What’s In A Name? ** (out of five)
There’s been a particular type of play around for a long time: it involves (usually) a couple of couples, usually affluent or academic in some way, who, due to booze or simply some comment best left unsaid, begin to reveal more and more about how they all actually feel about each other, and, by the end of the night, destroy their relationships, as lovers, friends, whatever, simply by speaking too much of the truth. The earliest one that springs to mind is J.B. Priestley’s Dangerous Corner (1932); the best of all is Edward Albee’s Who’s Afraid of Virginia Woolf (1962); the most recent that was a worldwide success was Yasmina Reza’s Le Dieu du Carnage / God of Carnage (2008). All have been turned into films.
What’s In A Name? (Le Prénom) was also a play and very much follows the template set by its antecedents. The trouble is, it’s not nearly as good, and somehow seems so much… stagier. It tries to belie its stage origins with a prologue that leaps around as much as possible, from location to location and character to character. Then a couple of friends start arriving at a Parisian apartment for dinner, and… a third-rate God of Carnage plays out, but, rather than that film version’s crisp eighty minutes (called Carnage and directed by Roman Polanski), this one yells at us for nearly two full hours.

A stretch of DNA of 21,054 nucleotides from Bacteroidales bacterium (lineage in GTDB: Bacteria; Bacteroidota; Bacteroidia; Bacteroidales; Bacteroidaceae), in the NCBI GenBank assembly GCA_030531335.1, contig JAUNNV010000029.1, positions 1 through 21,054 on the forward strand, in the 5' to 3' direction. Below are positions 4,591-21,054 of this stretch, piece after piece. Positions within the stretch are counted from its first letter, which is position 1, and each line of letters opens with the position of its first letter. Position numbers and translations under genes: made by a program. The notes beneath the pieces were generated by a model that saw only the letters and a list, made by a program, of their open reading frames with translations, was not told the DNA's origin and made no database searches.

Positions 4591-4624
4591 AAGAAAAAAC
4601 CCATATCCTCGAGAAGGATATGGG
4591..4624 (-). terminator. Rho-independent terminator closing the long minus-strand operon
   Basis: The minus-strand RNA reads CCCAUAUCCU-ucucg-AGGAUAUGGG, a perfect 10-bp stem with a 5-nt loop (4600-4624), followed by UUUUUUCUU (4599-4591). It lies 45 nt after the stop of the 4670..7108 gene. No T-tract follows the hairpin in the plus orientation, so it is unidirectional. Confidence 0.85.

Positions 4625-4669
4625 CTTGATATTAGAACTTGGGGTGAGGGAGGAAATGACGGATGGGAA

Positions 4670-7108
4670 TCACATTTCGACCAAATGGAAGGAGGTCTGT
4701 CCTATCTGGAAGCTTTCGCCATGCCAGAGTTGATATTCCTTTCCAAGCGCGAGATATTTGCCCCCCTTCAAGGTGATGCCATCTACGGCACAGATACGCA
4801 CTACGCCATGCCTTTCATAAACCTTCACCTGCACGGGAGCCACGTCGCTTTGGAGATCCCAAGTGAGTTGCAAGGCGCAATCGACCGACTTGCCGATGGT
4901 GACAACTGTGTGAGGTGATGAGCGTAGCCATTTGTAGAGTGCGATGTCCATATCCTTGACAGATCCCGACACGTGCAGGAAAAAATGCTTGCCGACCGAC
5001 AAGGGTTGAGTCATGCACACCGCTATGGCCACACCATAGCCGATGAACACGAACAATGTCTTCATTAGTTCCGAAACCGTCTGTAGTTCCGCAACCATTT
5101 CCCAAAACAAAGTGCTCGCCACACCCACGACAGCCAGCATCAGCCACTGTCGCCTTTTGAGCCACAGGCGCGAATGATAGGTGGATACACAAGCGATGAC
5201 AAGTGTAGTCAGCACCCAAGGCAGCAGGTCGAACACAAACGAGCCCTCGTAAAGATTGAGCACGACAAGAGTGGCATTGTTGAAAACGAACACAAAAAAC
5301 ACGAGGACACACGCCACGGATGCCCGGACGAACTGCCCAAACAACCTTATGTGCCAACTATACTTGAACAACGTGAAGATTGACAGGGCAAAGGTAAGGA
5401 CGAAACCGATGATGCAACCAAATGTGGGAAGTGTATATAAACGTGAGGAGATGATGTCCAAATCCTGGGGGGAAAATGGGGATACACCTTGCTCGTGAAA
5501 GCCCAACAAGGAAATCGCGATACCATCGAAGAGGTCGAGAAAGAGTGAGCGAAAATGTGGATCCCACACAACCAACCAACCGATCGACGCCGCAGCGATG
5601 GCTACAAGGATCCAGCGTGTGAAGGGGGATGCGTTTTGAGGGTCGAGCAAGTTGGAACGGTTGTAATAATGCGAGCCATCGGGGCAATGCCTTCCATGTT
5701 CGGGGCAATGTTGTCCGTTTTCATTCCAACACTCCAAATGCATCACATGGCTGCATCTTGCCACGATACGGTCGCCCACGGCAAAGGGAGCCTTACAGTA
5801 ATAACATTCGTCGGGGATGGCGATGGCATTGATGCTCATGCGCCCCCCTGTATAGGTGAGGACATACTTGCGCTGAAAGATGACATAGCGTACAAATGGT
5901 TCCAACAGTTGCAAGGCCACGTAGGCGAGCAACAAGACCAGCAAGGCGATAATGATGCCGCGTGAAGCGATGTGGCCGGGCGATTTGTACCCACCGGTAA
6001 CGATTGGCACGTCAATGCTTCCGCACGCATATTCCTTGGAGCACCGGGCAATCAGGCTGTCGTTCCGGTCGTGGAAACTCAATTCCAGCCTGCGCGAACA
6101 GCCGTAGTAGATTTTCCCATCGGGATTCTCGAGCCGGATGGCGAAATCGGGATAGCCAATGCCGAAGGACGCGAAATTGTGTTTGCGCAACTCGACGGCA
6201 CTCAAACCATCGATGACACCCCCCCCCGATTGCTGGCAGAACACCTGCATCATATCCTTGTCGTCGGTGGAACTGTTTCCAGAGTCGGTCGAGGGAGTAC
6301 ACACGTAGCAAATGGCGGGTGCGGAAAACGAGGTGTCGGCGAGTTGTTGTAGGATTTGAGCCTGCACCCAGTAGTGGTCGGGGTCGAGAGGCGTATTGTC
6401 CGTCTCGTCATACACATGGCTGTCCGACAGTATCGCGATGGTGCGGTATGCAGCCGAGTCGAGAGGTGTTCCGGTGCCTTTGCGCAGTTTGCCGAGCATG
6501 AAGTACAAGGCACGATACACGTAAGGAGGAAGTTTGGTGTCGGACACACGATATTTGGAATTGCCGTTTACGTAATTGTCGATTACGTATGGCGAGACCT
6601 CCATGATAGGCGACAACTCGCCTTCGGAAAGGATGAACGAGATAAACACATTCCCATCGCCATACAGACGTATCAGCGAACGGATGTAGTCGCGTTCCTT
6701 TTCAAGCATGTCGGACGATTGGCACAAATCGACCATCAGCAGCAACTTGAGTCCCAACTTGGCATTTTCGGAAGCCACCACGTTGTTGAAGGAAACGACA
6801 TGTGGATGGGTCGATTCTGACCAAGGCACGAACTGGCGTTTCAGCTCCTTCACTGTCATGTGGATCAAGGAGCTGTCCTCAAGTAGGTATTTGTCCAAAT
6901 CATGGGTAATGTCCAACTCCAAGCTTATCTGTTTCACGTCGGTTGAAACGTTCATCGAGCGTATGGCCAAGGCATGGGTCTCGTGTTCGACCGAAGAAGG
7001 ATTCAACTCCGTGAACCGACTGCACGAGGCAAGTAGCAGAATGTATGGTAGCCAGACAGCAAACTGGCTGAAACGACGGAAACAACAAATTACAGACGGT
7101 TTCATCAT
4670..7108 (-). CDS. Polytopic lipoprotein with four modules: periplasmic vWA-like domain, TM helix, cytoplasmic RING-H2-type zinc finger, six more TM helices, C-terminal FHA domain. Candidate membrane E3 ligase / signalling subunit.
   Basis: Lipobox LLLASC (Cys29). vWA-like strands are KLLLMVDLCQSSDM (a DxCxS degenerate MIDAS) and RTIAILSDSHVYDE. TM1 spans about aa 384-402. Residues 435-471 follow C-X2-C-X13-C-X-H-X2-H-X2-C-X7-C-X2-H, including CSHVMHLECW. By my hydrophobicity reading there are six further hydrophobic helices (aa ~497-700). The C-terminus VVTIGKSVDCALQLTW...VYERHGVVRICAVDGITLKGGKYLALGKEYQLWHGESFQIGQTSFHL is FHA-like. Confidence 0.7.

And yell it does. I have rarely heard five people scream at each other so much in a movie. There are supposedly two kids sleeping in the other room (of a small Parisian apartment) and unfortunately the movie keeps drawing our attention to this absurdity, by constantly having characters saying “Shh, you’ll wake the children.” It’s like having a character from The Shawshank Redemption say, “But how are we gonna get that poster back on the wall once we’re on the other side?” If you don’t remind us of it we might let you get away with it.
Four of the five characters are really unlikeable, and the effect is of being trapped in a small place with five hideous people yelling at you – it’s crushing, oppressive and claustrophobic. To the film’s credit, there are some genuine laugh-out loud moments, and the acting is never less than highly committed and believable. But it’s a grueling hundred and nine minutes. I suspect it was better on stage, and better left there.